Mac Reincarnation Diary: I’m A Little Worried

I’ve been meaning to do a nuke and pave” of my Mac mini for a couple of years now. Enough little things seem to take too long or are glitchy — image previews that won’t show in Messages, favorited folders that won’t stick around in iA Writer, apps that take tens of bounces in the dock to open — things that shouldn’t be slow or glitchy on an M1-powered Mac. I think I have, as they say, built up some cruft. I’ve migrated this system from an iMac to a MacBook to a Mac mini, so all my tweaks to the system and overlapping app features have been growing their roots for 10+ years. The best way forward, I think, is to do a total erase of the system and then set it up completely fresh.

And since the idea of this endeavor is to start completely over and set it up as a new” Mac, I won’t be using Migration Assistant and my Time Machine backup to get me back up and going. Because, then, what would be the point?1 But, oh boy, do I have Time Machine backups just in case. I’ve been hitting that backup button all day.

Instead, I plan to use the Set Up a New Mac’ checklist I keep in Apple Notes and that I’ve spent the last hour or so updating. I’ve noted all of the crucial applications and settings that I’ll need to install and configure for my Mac to feel like mine again. That has entailed taking a lot of screenshots of preference panes and picking through my applications folder, menu bar, Safari extensions, and Setapp installations. Not that I’ll be reinstalling everything again. Part of the goal of this is to leave behind the apps that aren’t serving their purpose any longer.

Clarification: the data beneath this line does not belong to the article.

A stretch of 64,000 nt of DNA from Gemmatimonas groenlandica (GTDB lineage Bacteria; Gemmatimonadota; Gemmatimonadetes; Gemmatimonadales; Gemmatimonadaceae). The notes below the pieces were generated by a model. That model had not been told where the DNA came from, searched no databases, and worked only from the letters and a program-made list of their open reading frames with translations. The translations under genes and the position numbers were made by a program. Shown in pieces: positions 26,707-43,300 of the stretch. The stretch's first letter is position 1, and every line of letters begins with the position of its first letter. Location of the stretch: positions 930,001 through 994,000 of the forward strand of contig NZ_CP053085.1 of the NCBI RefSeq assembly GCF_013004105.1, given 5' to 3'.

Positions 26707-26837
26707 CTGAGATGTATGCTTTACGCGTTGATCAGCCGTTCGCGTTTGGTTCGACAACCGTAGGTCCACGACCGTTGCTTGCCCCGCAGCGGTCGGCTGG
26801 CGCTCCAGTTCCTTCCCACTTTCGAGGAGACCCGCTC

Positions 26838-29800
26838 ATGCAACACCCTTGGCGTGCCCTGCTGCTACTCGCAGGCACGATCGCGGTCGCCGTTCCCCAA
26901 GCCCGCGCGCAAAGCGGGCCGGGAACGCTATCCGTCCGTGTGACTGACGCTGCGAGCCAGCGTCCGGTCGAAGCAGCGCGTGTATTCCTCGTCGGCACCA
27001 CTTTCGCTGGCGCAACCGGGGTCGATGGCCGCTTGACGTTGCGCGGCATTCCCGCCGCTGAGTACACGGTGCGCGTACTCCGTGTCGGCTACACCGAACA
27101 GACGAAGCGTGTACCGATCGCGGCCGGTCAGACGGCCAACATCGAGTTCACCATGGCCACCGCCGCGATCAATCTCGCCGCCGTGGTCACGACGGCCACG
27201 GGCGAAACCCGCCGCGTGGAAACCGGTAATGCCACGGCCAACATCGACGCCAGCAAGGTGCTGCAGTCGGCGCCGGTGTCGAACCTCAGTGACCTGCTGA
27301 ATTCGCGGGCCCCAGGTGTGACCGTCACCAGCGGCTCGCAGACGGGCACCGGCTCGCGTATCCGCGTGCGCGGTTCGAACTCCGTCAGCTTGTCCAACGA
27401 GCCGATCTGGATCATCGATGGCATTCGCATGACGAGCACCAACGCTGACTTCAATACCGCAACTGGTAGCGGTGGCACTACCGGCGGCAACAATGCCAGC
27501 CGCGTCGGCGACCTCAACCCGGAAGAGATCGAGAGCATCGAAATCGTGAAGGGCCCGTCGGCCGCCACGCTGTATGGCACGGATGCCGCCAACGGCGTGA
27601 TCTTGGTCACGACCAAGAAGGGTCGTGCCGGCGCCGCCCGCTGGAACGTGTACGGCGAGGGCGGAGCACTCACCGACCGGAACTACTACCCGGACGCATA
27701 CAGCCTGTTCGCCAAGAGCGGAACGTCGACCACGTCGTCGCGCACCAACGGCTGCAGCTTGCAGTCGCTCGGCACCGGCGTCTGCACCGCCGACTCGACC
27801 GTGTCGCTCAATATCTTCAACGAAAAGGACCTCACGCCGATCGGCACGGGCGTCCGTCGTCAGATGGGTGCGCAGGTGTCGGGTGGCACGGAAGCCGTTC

One thing that I’m a little nervous about, however, is what will happen to my legacy Time Machine backups after setting up the new system. I assume I’ll be able to access files from them by using its encryption password, but I’ve never tried using Time Machine from a user account that isn’t linked to an active backup chain. And when I set it up to start making new backups, I’m curious about how it’ll treat those two backup histories.

Further complicating this restoration process is the fact that my wife has her own user login on this machine. Her files are all saved to iCloud Drive and are likewise backed up to that Time Machine drive. But, again, I’m not completely sure about how setting up all her stuff sans-Migration Assistant will go. And not knowing gives me pause.

The worst case scenario, I suppose, is that it all goes poorly and then I just do a second Erase All Content and Settings…’ and use Migration Assistant with my existing backups to get back to where I started. And I haven’t seen any widespread catastrophic recountings of setting up a Mac as new in my cursory web searches. I guess there’s only one way to find out…

A screenshot of my Mac’s desktop before erasing it back to factory settings. System Settings is open to the ‘Transfer or Reset’ pane, and Drafts is open to this very in-progress text file.
The before pic. Goodbye, good buddy! Your soul deserves a rest.

  1. Don’t let this shy you away from Migration Assistant, though. It’s come a long way from its old buggy slowness and is now quite quick and reliable to get all your old Mac’s stuff onto your new Mac. It’s just that, in this case, it would necessarily mean that the cruft and bugs from my old backup would be coming along for the ride.↩︎

❮ Previous post

9to5Mac: ‘Porsche unveils revamped CarPlay experience with climate controls and more’ July 11, 2023

Next post ❯

It’s a Prime Day to Try an Indie App July 11, 2023